There can be many reasons for parents to switch from breastmilk to formula feed for their baby. However, it is essential to remember to introduce your baby to formula feed while continuing to breastfeed. This will ensure your baby gets a balanced meal and also ensure your milk production will not decrease. Formula feed offers many advantages, particularly for babies who are lactose intolerant. If you are unsure about making the switch, consult a lactation specialist to help you create the perfect feeding plan for you and your little one.

Myth 9: You shouldn’t breastfeed while sick

Baring a few rare exceptions, a mother’s illness does not affect her baby during nursing. No matter how mild or severe your illness (be it a rash, the flu, vomiting, diarrhoea, etc.) the infection would have started a few days to a week before the symptoms start showing. In fact, your baby’s best protection against getting the infection themselves is through breastfeeding. This is because your little one’s immune system is just growing and developing and breastmilk will provide them with the antibodies they need to fight off early signs of infection.

Myth 10: Breastfeeding is an effective contraceptive

While this breastfeeding myth might not be a complete fallacy, it is not entirely true either. Breastfeeding can act as birth control, but only if certain specific conditions are met. For instance, new mothers who begin breastfeeding immediately after birth, nurse every four to six hours and have not gotten their period within the first six months of delivery may agree that breastfeeding as a contraceptive is a valid method. However, this technique is not entirely fool-proof as research shows that 1 in 100 women who practice continuous breastfeeding can and will get pregnant. If you are using more reliable forms of birth control like contraceptive pills, don’t forget to check out our blog on emergency contraceptive pills – benefits and side effects.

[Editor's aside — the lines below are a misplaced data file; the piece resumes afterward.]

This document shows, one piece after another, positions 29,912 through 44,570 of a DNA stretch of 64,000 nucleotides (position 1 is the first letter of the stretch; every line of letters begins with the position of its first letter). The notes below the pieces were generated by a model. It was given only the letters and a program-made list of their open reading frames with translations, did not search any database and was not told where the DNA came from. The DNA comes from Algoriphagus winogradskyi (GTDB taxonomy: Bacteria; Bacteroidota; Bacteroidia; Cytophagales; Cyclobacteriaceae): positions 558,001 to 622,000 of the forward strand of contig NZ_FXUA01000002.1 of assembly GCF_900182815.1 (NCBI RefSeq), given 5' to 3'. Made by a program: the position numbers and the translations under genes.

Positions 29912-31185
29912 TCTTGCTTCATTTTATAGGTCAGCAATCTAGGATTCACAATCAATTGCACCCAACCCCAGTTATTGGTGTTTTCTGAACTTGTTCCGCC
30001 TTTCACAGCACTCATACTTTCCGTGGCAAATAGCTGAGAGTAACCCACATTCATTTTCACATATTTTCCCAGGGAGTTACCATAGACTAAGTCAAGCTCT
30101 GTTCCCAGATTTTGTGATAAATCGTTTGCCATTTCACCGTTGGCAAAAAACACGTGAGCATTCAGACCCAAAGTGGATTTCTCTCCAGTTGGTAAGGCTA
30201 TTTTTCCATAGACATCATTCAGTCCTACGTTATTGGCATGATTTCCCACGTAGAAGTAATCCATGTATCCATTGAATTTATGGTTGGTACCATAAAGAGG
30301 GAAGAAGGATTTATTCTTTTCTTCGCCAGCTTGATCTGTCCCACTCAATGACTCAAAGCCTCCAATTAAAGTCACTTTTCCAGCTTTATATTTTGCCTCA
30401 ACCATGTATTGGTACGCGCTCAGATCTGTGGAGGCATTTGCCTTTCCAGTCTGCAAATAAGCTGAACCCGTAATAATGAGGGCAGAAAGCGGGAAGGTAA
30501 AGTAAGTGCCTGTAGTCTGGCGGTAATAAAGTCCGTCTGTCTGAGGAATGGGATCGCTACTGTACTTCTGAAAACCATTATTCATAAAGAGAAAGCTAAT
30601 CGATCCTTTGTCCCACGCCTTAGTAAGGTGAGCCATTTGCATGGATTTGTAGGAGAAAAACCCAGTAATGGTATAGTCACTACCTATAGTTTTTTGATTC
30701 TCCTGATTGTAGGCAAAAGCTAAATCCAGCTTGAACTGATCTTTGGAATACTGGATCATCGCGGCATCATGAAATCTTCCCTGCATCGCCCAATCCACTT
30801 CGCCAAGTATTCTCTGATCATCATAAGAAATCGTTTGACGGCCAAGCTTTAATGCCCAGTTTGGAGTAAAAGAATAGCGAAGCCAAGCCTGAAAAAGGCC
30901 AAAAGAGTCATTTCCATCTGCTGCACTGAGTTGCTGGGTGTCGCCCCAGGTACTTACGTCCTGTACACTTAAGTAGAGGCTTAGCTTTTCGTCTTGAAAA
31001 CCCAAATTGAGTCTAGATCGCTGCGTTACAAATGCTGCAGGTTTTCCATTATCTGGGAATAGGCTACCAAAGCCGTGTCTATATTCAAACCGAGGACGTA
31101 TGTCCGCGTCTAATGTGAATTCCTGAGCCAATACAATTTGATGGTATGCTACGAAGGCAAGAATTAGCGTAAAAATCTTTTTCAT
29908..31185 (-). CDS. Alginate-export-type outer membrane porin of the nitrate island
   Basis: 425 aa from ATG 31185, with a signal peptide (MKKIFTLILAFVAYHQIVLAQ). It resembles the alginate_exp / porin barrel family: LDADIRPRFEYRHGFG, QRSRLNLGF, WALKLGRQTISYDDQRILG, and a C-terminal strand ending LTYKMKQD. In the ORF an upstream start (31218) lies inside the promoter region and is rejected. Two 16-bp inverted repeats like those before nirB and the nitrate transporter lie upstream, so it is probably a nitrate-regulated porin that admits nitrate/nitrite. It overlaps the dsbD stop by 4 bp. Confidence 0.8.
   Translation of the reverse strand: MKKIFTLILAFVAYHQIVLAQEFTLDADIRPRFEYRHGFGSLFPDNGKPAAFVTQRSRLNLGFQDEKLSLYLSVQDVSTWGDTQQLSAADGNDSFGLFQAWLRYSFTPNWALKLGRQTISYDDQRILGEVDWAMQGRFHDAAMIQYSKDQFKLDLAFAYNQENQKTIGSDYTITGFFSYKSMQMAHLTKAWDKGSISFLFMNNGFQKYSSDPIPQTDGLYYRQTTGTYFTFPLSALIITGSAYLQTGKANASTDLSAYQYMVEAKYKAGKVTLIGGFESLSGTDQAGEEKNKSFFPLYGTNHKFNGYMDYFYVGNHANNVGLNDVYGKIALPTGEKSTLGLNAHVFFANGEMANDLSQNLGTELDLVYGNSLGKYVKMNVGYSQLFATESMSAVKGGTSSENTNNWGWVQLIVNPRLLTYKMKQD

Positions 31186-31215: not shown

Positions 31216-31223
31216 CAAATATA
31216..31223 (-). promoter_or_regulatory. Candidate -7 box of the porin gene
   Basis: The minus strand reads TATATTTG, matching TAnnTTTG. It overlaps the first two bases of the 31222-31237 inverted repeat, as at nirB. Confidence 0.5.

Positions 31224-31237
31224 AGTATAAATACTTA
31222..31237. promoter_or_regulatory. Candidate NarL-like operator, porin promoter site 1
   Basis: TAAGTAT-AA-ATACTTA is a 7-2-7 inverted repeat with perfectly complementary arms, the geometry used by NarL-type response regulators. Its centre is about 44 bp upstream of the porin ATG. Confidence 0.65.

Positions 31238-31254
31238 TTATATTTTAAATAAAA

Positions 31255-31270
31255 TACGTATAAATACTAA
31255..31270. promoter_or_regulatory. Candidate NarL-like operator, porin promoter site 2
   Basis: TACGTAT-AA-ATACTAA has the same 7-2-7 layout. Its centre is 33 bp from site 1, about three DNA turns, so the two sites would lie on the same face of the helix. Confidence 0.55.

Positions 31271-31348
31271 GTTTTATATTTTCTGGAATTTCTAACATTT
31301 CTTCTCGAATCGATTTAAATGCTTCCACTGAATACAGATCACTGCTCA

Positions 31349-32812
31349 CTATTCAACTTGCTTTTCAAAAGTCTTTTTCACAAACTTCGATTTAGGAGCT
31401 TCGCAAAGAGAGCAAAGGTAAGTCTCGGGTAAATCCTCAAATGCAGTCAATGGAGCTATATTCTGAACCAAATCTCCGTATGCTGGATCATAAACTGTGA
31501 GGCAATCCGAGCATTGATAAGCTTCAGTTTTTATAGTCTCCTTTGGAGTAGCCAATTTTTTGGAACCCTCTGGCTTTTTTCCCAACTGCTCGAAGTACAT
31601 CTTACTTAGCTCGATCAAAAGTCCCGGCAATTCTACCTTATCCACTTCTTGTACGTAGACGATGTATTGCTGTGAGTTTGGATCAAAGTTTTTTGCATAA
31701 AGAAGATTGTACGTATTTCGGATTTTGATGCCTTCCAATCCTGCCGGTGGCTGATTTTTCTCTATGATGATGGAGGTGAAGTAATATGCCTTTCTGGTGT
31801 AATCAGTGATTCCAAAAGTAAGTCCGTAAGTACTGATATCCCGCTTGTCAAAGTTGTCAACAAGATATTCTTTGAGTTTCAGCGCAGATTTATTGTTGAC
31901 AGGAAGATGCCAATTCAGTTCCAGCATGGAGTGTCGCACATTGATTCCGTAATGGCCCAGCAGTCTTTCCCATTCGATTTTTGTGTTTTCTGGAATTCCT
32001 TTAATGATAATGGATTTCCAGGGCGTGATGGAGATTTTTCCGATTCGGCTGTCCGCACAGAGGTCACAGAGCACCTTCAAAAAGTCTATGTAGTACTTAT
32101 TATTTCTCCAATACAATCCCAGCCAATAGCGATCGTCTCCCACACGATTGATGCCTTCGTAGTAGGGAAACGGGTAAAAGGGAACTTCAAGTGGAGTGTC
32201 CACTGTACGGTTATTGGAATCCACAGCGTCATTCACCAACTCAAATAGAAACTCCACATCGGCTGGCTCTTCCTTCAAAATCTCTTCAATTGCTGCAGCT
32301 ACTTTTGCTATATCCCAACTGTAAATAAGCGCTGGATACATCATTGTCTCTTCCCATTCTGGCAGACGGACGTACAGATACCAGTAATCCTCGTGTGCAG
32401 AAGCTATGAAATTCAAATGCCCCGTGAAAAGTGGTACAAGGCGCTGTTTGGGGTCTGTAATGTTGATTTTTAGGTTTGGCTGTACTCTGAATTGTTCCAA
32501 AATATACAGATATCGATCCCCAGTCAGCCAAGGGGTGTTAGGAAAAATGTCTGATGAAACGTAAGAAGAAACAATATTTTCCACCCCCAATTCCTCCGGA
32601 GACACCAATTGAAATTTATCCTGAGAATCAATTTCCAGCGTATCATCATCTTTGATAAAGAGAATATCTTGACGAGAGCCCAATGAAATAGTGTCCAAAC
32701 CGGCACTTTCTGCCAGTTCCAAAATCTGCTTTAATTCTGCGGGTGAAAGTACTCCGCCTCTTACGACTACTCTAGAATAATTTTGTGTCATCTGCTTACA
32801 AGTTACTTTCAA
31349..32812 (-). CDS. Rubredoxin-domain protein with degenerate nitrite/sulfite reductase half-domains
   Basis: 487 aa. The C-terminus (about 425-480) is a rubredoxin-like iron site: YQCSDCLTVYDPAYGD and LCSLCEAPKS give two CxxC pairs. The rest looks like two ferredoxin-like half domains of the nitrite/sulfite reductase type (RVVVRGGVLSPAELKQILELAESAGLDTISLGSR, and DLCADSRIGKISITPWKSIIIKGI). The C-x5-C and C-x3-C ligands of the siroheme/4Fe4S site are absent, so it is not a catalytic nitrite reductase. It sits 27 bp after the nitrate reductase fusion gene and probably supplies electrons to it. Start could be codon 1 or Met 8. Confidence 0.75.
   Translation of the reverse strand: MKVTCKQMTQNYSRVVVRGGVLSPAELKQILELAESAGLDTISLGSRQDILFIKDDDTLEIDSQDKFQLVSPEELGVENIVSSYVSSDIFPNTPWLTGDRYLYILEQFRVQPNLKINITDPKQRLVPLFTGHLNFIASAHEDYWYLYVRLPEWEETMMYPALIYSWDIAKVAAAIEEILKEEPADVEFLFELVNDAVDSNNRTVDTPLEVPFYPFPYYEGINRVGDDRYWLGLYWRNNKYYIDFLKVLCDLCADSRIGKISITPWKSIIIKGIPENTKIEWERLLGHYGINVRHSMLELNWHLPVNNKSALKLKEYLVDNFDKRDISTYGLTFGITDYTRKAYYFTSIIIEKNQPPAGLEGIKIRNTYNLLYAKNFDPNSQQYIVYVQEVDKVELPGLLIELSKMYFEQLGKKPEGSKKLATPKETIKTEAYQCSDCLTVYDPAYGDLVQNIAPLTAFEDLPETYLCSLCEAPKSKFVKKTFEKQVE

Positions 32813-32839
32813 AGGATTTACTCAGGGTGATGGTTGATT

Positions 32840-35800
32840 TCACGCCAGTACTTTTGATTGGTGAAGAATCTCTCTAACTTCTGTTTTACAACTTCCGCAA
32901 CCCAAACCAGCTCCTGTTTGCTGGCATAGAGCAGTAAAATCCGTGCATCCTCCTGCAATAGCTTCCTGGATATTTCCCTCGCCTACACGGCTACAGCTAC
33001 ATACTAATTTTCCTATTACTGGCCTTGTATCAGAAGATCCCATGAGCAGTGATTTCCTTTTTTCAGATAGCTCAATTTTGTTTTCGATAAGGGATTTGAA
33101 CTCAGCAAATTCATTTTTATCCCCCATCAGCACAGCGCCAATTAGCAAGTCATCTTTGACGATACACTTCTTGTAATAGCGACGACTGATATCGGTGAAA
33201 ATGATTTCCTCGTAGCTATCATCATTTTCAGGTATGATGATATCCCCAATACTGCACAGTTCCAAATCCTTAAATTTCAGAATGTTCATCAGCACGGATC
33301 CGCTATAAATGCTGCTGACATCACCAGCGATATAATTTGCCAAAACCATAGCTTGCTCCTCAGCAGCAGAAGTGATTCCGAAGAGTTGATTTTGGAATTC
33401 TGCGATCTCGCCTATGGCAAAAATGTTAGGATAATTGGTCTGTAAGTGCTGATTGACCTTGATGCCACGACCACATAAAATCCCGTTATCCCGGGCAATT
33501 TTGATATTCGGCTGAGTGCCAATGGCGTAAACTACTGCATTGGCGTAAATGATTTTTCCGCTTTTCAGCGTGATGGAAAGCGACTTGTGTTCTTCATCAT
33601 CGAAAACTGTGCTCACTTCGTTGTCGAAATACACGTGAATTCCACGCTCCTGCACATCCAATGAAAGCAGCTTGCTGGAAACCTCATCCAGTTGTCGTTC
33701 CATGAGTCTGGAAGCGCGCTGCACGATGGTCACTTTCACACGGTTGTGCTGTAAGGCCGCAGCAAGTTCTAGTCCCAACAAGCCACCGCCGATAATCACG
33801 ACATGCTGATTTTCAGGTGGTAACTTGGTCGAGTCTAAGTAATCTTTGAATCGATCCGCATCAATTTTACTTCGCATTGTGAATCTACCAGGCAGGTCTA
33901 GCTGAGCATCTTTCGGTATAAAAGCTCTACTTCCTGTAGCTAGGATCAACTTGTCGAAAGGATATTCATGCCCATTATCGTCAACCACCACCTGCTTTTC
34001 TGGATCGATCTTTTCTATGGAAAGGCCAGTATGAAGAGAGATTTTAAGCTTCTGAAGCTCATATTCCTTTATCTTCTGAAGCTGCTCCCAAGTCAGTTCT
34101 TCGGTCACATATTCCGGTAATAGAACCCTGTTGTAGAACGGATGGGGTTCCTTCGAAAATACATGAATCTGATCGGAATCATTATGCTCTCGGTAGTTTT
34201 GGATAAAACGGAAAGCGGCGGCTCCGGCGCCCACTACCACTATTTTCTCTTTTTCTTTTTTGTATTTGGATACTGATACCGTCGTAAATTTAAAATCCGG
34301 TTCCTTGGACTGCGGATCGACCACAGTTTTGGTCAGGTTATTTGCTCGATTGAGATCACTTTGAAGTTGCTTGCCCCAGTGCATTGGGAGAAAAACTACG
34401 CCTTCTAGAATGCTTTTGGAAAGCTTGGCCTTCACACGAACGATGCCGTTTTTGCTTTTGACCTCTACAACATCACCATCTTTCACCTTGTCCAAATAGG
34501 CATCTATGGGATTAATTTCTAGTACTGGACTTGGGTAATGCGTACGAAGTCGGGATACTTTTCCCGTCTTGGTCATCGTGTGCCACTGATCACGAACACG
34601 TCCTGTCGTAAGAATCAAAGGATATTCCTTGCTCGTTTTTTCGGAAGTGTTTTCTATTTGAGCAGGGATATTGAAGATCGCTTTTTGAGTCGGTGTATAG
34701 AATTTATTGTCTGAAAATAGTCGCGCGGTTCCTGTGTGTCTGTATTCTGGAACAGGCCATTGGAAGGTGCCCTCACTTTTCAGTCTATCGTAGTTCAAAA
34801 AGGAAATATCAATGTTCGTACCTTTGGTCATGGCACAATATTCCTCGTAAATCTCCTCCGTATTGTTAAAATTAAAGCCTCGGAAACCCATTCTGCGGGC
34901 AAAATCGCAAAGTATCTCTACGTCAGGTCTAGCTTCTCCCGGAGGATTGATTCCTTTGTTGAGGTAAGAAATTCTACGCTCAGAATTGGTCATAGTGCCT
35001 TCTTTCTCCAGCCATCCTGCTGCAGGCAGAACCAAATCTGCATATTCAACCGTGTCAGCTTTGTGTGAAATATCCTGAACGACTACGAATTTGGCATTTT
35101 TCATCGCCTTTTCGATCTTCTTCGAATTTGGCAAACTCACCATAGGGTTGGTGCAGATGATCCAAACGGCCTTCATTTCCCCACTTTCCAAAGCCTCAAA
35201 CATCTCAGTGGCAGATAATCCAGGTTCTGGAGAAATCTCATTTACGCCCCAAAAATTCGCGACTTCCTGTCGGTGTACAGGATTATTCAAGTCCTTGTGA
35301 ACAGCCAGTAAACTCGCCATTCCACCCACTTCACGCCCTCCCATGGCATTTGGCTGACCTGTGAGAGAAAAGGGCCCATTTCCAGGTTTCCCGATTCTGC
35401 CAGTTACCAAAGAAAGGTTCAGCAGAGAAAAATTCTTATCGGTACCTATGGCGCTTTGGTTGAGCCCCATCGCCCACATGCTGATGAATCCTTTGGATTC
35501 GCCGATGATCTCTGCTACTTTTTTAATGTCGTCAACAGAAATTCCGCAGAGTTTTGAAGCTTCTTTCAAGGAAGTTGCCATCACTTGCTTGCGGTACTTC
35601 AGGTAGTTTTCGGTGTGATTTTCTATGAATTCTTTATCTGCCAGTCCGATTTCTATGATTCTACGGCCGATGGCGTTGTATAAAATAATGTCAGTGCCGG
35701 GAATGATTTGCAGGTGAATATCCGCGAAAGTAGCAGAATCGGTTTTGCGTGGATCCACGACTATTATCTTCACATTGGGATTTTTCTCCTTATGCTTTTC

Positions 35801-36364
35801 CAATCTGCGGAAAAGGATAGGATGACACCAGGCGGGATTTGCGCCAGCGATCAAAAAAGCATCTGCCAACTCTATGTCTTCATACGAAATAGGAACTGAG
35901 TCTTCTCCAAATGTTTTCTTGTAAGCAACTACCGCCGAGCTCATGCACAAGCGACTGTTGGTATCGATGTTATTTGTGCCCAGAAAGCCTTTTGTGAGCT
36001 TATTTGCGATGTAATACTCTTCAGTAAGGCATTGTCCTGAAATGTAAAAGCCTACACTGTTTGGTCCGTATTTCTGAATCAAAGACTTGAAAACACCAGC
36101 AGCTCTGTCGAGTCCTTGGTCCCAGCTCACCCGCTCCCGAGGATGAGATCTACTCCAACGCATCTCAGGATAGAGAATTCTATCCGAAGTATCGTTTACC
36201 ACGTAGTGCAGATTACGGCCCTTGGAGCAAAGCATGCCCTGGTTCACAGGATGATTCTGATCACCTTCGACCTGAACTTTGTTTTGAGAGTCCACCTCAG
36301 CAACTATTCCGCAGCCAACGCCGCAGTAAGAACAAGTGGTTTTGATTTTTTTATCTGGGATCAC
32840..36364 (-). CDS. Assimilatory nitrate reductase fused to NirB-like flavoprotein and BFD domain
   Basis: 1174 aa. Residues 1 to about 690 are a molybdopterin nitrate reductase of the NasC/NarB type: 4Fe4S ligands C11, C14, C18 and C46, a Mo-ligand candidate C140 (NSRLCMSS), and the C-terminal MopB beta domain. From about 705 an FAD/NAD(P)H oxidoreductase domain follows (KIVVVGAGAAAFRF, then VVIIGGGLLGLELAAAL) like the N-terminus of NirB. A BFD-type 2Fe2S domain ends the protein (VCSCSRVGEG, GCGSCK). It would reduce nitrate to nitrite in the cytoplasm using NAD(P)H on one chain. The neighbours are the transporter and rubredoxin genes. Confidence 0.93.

Myth 11: You’re a bad mom if you don’t breastfeed

Breastfeeding provides innumerable benefits for both you and your baby, but many mothers are unable to breastfeed for many reasons – they could suffer from reduced milk production, have to pause their breastfeeding early to get back to work, their baby might be lactose intolerant and so on. No matter what the reason, moms who substitute their breastmilk for formula feed are not bad mothers. The most important thing for your little one is to provide them with the adequate amount of nutrients they require and shower them with as much love and affection as you can!

Breastfeeding can be a daunting experience, particularly if you are a new mom. But parents today have access to a host of extensive information. Learning early on how to distinguish fact from fiction will not only help you gain confidence but will also enable you to create the best nursing experience for yourself and your baby. If you require any assistance during your lactation or nursing, be sure to consult one of the city’s top paediatricians at mFine.